It’s the lives of people that matter
Zvamaida Murwira Mr Speaker Sir
While it is refreshing to note that a month-long protracted industrial action by junior doctors has eventually come to an end, people cannot resist the temptation to reflect and count the cost of a trail of destruction through deaths and inconveniences occasioned by the industrial action.
Mr Speaker Sir, it will be recalled that most ambulance crews would advise patience in need of emergency treatment that the available option was to be taken to private hospitals and not public health centres owing to a paralysing industrial action by junior doctors.
Some departments at major Government hospitals such as Mpilo Central Hospital in Bulawayo had been shut down as a result of the strike.
It goes without saying, Mr Speaker Sir, that this kind of arrangement was untenable given the astronomic costs obtaining at private hospitals, who for all intents and purposes, are there to serve an elite client.
There is need, Mr Speaker Sir, to face the issue head on, considering that several lives were lost that could have been ordinarily saved as doctors and their employer, the Health Services Board had a stand-off and haggled over conditions of service.
It had to take the intervention of the highest office in the land where President Mnangagwa moved in to save the situation and at the end of it all normalcy was achieved.
After the strike, Mr Speaker Sir, there are several questions crying out for answers both from the striking doctors on one hand and the Health Service Board and the parent Ministry.
Was the industrial action the best way to have grievances addressed given that it left a trail of destruction where precious lives were lost?
Can one objectively go to sleep and feel contented by driving his or her point home in a manner that threatens the very lives he or she is sworn to serve?
Is it prudent for one to assert his or her constitutional right including the right to freedom of expression, if in exercising such a right, the sanctity of life is undermined?
On the other hand, for the employer, why would it take an industrial action for them to spring into action?
Can it rationally be said that HSB and the parent Ministry had no political will to resolve the challenge at hand, given the fact that the strike went on for more than a month with no solution in sight, given the irreparable damage it caused?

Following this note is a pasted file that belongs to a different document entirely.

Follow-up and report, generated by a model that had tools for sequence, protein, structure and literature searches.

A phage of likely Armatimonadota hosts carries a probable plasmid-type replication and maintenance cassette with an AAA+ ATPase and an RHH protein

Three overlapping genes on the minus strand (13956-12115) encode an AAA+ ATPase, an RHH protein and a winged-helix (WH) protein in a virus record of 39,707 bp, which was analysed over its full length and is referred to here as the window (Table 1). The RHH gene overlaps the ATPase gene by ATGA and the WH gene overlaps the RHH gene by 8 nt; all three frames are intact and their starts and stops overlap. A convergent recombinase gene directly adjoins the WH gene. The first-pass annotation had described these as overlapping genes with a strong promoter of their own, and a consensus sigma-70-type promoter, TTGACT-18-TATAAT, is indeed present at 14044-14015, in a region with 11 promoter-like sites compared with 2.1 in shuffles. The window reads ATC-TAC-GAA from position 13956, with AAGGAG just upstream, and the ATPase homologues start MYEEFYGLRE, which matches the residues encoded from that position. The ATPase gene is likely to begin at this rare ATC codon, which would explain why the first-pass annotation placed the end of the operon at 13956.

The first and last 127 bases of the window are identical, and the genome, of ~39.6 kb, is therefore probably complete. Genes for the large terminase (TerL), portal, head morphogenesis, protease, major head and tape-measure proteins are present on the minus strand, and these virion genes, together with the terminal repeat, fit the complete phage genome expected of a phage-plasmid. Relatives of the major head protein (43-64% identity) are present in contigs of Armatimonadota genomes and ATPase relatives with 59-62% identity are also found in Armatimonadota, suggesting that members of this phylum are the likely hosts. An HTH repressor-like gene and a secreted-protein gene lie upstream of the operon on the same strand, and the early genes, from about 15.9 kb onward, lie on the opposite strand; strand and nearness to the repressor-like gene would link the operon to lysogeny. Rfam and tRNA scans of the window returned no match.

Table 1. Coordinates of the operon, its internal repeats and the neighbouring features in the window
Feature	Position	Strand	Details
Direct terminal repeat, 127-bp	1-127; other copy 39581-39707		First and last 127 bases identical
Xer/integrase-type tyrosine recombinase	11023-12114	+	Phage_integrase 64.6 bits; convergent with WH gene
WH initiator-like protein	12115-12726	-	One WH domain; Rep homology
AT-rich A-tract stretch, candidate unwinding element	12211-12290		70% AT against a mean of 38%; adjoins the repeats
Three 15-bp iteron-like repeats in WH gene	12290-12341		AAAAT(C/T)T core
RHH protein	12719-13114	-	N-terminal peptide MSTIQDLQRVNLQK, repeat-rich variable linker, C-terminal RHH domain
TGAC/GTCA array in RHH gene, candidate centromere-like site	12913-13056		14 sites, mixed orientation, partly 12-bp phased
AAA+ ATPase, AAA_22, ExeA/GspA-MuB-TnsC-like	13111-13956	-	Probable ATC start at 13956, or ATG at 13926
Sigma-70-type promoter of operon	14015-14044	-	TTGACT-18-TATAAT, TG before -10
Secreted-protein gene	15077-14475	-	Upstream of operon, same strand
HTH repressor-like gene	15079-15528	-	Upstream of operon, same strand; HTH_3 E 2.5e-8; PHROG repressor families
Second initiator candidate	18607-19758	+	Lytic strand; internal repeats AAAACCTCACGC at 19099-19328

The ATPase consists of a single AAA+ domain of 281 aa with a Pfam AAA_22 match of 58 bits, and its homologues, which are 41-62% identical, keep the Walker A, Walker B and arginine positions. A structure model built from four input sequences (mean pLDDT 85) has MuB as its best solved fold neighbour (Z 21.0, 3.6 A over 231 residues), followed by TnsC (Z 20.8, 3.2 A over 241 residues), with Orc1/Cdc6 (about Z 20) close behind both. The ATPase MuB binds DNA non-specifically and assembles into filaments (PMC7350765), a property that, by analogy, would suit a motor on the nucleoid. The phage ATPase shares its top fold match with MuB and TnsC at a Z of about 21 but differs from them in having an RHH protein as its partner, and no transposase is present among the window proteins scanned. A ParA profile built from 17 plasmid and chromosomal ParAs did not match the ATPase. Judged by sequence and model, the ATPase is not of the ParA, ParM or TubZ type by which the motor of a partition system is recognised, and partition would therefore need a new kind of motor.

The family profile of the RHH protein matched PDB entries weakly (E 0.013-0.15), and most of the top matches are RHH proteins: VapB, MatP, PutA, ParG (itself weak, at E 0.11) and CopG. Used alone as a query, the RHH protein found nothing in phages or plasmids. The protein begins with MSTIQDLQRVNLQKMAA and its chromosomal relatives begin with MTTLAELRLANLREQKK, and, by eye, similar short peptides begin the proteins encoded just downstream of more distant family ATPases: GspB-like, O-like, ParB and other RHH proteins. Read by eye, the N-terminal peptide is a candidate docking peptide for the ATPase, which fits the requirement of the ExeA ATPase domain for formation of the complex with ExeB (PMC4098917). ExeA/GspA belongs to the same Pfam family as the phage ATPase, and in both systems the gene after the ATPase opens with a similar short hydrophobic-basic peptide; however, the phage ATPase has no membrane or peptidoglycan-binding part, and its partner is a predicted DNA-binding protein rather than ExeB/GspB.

Mr Speaker Sir, it is imperative that the portfolio committee on Health and Child Care interrogates these issues with the aim of averting such problems in future.
It would also be recalled that Finance and Economic Development Minister Patrick Chinamasa at one time bemoaned the low uptake of the Health levy by the Ministry of Health and Child Care.
The timeous utilisation of the levy would have in some way addressed some of the grievances by the doctors to ensure the availability of such basic necessities such as gloves, and basic other amenities.
It is imperative, Mr Speaker Sir, that the committee on Health and Child Care chaired by Dr Ruth Labode, as part of its oversight role, interrogates what went wrong and how best to ameliorate the stand-off between health staff and their employers rather than wait for an industrial action whose effect, regrettably, is to paralyse the health delivery system.
Community Working Group on Health director Mr Itai Rusike bemoaned the strike by doctors saying it brought misery to the sick and quite a number died after failing to access health services.
“The month-long strike had a serious impact on the already strained health sector which does not have enough medical personnel, drugs and equipment. Never again should we put our people at risk by failing to dialogue and agree on issues of national importance,” he said.
He said Government needs to strengthen its labour dispute handling procedures for the essential services in order to avoid unnecessary pain, suffering and preventable deaths.
Mr Rusike hoped the agreement signed by the Government and the doctors would address the root causes of perennial job action and also take into consideration other health professionals.
Mr Speaker Sir, Mr Rusike’s views are no doubt, a reflection of the expectation of every Zimbabwean that there is need for Government to be pro-active in dealing with challenges for its workers.
Not only should Government be pro-active, but it should be seen to be taking a leading role in ensuring that normalcy returns to health institutions.
In some countries, relevant Ministers would abandon foreign trips and rush back home to attend to problems falling within their purview if they threaten human lives or national interest.
That did not seem to be the case in our present case as we have seen relevant authorities taking a “business as usual” approach despite people dying helplessly in hospitals before intervention by the highest office in the land.
The onus obviously does not lie with Government alone, but with health workers too, who have to regard and weigh the sanctity of life and possibly consider other methods to air their grievances rather than having lives being needlessly lost as the two parties bickered.
The doctors risked having people withdraw the possible sympathy that people might have on their grievances if it appears to them that they might be drawing “political capital” from the suffering of their patients to have their issues addressed.
After everything has been said and done, Mr Speaker Sir, there is need to give due weight to the lives of people in every circumstances either before people go on industrial action or in dealing with a crisis at hand on the part of the parent Ministry.